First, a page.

Will law capping interest rates really protect the borrower?
In March 2016, Parliamentarians embarked on an a rather imperative plan to cap the skyrocketing interest rates on loans through what came to be the famous Banking Amendment Bill 2015, sponsored by Kiambu Member of Parliament, Jude Njomo.
Among the proposals in the Bill was to cap interest rates at not more than four percent of the base lending rate set by the Central Bank of Kenya.
But was this the best way to protect consumers? Are there other avenues available that could be explored to address the challenge of high interest rates?
Despite the loans attracting interest rates as high as 21 per cent, economists felt that the law would do more harm than good to borrowers; especially the low scale borrowers who form the majority.
Ideally, Njomo was against the capitalistic ideology of the banks that capitalize on borrowers to amass huge profits at the expense of borrowers.
The move by President Uhuru Kenyatta to assent to the Bill caught many lenders flat-footed despite the heavy lobbying to have it rejected.
Upon the assenting of the Bill by the President, some lenders – most of them middle-tier – immediately suspended issuing of new facilities awaiting a clarification from the Central Bank on how the law was to be implemented; retrogressively or otherwise.
Despite this, the banks immediately swallowed the bitter pill and capped all their facilities at 14.5%.
Habil Olaka, the Chief Executive Officer Kenya Bankers Association, however, argued that capping interest rates is a dangerous way of protecting borrowers.
“The problem is that it will create challenges that will be more damaging to the market than the original problem it is trying to solve. It will not bring the rates down if we don’t tackle the actual reasons why the rates are up,” Olaka was quoted as saying.
According to Olaka, a sustainable solution lies in all these factors being dealt with simultaneously and consistently.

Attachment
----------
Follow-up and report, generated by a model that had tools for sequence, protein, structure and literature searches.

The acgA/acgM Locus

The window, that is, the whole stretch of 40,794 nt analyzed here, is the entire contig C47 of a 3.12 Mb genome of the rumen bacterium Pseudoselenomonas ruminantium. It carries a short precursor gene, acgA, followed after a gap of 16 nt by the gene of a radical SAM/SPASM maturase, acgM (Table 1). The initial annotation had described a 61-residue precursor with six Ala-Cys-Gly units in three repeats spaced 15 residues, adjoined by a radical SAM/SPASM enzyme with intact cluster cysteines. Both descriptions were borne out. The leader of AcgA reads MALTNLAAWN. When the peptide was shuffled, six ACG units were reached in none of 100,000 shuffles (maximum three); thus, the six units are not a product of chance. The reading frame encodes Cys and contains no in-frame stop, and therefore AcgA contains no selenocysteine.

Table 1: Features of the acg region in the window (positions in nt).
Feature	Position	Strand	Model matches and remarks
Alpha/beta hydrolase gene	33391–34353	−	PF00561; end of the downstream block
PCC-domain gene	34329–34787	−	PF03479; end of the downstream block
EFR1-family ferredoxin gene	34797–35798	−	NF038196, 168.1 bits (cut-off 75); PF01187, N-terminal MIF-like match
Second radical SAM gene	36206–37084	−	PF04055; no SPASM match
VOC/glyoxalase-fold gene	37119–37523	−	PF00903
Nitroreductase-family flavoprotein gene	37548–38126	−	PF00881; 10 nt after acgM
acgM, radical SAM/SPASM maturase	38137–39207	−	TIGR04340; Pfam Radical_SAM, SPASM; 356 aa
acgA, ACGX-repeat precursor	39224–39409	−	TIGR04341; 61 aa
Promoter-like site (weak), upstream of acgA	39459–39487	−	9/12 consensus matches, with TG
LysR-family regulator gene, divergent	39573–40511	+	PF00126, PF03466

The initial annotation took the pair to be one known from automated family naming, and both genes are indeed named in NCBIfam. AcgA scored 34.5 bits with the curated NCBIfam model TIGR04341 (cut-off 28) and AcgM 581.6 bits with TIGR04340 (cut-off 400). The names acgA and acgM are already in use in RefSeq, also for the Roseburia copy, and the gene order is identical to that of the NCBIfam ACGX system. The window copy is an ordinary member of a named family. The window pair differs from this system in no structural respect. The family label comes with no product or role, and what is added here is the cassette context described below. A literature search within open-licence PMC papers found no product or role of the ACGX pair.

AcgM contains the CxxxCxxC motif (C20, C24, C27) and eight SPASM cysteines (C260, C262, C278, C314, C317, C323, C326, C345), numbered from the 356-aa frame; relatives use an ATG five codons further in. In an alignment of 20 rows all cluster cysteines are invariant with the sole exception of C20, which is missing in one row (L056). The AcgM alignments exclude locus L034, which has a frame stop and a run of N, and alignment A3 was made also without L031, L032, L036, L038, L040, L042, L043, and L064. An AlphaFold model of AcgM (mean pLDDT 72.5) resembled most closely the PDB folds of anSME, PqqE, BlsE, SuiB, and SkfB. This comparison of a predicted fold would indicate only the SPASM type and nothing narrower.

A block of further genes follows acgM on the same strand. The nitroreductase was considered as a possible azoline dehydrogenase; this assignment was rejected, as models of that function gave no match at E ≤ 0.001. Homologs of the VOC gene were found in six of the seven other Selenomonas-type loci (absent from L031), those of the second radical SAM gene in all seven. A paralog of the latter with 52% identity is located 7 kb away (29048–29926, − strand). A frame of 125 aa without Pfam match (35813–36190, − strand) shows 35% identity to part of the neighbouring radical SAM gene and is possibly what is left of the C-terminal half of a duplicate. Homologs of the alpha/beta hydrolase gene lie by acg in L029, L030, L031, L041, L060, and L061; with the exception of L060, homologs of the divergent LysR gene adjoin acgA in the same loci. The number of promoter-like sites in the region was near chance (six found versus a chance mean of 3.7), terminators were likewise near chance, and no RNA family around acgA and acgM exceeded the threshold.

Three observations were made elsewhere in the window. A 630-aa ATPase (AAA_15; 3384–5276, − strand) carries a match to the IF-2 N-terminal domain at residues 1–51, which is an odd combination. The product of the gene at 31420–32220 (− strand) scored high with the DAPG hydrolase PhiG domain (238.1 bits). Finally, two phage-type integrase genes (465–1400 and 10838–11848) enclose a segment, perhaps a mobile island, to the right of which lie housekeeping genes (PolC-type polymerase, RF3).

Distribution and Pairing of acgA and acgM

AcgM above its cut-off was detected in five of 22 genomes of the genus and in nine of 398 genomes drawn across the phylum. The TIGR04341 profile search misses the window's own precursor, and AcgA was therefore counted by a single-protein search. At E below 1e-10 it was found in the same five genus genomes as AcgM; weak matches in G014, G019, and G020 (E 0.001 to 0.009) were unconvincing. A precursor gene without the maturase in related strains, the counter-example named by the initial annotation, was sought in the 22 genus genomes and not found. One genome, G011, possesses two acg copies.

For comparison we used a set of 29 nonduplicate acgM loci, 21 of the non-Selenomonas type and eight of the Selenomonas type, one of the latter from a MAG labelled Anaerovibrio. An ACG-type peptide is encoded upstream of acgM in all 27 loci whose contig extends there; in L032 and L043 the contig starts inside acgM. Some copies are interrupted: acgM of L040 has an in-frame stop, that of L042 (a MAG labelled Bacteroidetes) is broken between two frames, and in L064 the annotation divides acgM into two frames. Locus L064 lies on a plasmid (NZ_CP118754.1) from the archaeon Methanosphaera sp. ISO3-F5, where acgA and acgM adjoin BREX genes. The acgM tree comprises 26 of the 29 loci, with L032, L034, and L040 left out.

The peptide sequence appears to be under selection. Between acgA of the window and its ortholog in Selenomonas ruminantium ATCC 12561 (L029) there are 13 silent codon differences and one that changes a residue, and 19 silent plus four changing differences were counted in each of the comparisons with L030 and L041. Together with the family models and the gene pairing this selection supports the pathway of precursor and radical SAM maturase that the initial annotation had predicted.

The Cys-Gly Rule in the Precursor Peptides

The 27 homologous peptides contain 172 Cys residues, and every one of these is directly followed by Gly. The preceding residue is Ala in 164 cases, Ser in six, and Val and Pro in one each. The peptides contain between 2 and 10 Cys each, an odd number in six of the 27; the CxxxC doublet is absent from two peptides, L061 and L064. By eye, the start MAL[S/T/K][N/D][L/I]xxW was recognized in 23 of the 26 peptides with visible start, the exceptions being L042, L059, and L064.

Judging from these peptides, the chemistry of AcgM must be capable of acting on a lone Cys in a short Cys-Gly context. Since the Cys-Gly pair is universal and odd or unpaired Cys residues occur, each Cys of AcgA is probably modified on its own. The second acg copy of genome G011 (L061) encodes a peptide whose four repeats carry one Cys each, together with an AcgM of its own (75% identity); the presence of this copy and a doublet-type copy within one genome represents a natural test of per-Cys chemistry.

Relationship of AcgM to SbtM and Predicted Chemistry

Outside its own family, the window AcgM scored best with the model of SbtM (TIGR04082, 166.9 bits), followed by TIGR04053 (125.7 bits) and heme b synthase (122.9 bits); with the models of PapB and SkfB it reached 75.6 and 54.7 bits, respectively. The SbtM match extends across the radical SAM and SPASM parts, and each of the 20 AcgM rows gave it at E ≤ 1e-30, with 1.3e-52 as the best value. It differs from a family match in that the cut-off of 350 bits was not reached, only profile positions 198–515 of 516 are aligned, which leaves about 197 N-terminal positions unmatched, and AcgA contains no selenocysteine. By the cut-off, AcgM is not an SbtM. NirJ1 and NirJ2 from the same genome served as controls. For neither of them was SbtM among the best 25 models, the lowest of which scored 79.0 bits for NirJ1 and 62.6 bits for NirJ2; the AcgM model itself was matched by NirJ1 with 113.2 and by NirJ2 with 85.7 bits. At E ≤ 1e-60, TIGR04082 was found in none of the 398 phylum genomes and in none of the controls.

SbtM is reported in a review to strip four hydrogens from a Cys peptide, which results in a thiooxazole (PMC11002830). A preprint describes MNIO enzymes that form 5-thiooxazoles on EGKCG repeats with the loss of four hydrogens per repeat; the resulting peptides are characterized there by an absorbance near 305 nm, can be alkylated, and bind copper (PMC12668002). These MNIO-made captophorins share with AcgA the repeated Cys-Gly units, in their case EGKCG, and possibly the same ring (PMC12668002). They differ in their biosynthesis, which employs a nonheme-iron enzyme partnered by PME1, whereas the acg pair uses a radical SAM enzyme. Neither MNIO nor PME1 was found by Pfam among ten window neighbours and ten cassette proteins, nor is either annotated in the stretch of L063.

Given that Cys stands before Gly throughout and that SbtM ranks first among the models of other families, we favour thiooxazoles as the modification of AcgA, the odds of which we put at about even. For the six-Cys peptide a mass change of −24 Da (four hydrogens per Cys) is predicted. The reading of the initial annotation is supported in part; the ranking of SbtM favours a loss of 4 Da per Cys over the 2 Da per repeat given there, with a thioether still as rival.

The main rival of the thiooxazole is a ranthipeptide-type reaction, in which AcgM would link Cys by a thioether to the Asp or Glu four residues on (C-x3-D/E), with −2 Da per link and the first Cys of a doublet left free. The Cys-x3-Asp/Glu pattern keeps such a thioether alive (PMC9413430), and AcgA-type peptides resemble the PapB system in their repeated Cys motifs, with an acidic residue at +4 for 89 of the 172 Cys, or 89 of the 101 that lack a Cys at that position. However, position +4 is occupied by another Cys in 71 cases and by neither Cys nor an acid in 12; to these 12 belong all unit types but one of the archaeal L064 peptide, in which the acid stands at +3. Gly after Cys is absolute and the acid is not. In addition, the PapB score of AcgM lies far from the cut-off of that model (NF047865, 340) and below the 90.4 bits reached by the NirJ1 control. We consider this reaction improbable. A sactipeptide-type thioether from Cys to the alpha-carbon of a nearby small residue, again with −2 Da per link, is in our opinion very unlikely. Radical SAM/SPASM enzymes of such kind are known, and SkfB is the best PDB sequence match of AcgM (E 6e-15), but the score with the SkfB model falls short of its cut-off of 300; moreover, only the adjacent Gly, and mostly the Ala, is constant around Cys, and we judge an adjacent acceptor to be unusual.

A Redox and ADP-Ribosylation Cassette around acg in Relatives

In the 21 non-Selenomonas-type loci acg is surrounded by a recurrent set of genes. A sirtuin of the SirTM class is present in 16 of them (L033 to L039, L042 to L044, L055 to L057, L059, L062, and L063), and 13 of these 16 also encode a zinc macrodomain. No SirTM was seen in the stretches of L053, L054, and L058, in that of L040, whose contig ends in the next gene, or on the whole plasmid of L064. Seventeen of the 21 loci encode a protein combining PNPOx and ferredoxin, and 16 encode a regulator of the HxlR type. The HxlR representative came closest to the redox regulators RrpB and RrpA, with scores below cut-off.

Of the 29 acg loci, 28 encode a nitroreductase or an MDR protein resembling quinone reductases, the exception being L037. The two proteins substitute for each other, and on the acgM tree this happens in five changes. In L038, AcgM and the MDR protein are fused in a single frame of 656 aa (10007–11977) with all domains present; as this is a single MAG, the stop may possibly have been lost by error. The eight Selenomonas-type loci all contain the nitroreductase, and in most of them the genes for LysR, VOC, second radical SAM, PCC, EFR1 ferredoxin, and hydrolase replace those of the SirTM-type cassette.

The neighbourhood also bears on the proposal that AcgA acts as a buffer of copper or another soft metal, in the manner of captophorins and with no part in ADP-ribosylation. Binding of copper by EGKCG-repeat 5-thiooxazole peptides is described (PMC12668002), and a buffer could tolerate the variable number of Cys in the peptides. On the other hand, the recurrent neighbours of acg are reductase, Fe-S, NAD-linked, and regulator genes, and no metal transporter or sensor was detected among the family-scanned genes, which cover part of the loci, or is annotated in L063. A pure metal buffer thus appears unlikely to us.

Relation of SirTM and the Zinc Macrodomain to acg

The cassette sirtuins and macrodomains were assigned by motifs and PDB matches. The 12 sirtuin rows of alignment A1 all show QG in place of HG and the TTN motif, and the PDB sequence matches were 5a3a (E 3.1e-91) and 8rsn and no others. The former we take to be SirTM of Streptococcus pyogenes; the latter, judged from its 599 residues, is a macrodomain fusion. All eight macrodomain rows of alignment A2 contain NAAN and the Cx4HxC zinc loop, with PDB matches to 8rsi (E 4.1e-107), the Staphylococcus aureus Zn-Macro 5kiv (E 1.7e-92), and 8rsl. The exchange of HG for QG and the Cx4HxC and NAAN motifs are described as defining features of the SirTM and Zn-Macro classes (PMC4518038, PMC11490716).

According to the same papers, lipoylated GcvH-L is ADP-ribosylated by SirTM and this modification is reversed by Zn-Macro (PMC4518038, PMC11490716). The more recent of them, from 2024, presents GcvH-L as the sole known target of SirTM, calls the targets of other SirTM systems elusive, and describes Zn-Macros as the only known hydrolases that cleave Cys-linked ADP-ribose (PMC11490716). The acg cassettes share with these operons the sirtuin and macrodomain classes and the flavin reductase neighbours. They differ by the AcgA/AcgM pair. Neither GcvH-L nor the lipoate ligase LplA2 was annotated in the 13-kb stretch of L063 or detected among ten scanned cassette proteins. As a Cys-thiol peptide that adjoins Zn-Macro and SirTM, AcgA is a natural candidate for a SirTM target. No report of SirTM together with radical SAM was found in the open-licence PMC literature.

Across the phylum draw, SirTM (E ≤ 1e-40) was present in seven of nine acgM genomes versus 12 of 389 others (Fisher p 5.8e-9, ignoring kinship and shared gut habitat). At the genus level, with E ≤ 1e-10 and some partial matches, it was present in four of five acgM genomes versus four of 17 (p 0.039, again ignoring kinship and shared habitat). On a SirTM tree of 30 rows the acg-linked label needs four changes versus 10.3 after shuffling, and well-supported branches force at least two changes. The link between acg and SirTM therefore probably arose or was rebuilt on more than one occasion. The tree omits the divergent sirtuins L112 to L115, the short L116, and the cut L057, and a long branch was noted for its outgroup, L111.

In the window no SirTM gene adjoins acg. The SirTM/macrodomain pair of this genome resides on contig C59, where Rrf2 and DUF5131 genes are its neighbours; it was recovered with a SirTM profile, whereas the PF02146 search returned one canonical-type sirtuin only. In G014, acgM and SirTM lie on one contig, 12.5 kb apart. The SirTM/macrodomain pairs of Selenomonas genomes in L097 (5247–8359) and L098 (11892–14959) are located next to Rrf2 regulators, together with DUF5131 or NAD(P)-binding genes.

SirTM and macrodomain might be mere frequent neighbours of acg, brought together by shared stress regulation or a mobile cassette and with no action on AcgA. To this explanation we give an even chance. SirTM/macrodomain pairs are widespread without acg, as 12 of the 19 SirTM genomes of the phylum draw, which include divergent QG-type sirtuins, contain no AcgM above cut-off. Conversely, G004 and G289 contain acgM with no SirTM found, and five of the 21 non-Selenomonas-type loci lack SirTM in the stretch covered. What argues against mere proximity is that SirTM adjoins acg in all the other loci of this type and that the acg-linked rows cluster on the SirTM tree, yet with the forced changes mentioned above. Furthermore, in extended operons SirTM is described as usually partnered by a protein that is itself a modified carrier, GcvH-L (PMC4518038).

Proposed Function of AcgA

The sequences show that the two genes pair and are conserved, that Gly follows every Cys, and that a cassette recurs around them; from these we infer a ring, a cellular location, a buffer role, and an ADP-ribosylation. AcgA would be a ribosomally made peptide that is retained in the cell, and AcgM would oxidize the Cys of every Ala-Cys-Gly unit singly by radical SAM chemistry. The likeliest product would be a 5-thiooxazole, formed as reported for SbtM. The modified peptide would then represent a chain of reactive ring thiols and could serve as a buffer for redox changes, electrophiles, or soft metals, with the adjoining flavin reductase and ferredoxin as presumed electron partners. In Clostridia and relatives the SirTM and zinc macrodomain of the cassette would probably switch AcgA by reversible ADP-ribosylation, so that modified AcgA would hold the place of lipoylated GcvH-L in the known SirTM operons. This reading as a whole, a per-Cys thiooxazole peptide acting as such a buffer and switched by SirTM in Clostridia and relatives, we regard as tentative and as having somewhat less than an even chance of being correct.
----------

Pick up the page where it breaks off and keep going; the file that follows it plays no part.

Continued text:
“What I see is a good future, a bright future dependant on a number of factors. If we can be able to maintain our momentum in addressing those challenges, I think we will see the rates continuing to come down from where they are today.”
Basically, lending rates are determined by factors such as the cost of funds influenced by government’s borrowing trends, administration overheads (which vary from bank to bank), credit risk associated with a borrower, chances of defaulting and profit margin from each loan facility (which also vary).
In April 2016, the Central Bank of Kenya opposed the move by lawmakers to cap interest rates, arguing that it would be counterproductive.
CBK Governor, Dr Patrick Njoroge, argued that fixing interest rates would lead to collusion, with borrowers being forced to turn to shylocks for credit services.
The Federation of Kenya Employers (FKE) joined the “don’t sign call” bandwagon hoping to influence the President not to assent to the Bill, instead advocating for a comprehensive dialogue among the stakeholders.
While acknowledging that the cost of loans is beyond the reach of many, FKE was of the opinion that the matter should be deliberated further to find a lasting solution to the high interest rates.
“A negotiated process of bringing down the cost of credit will yield better results for all parties,” argued Jacqueline Mugo, the FKE CEO.
With the banks having to adjust to the new ‘normal’ and not looking like they are in contravention of the law, the banking sector may suffer huge job cuts and even closure of some branches.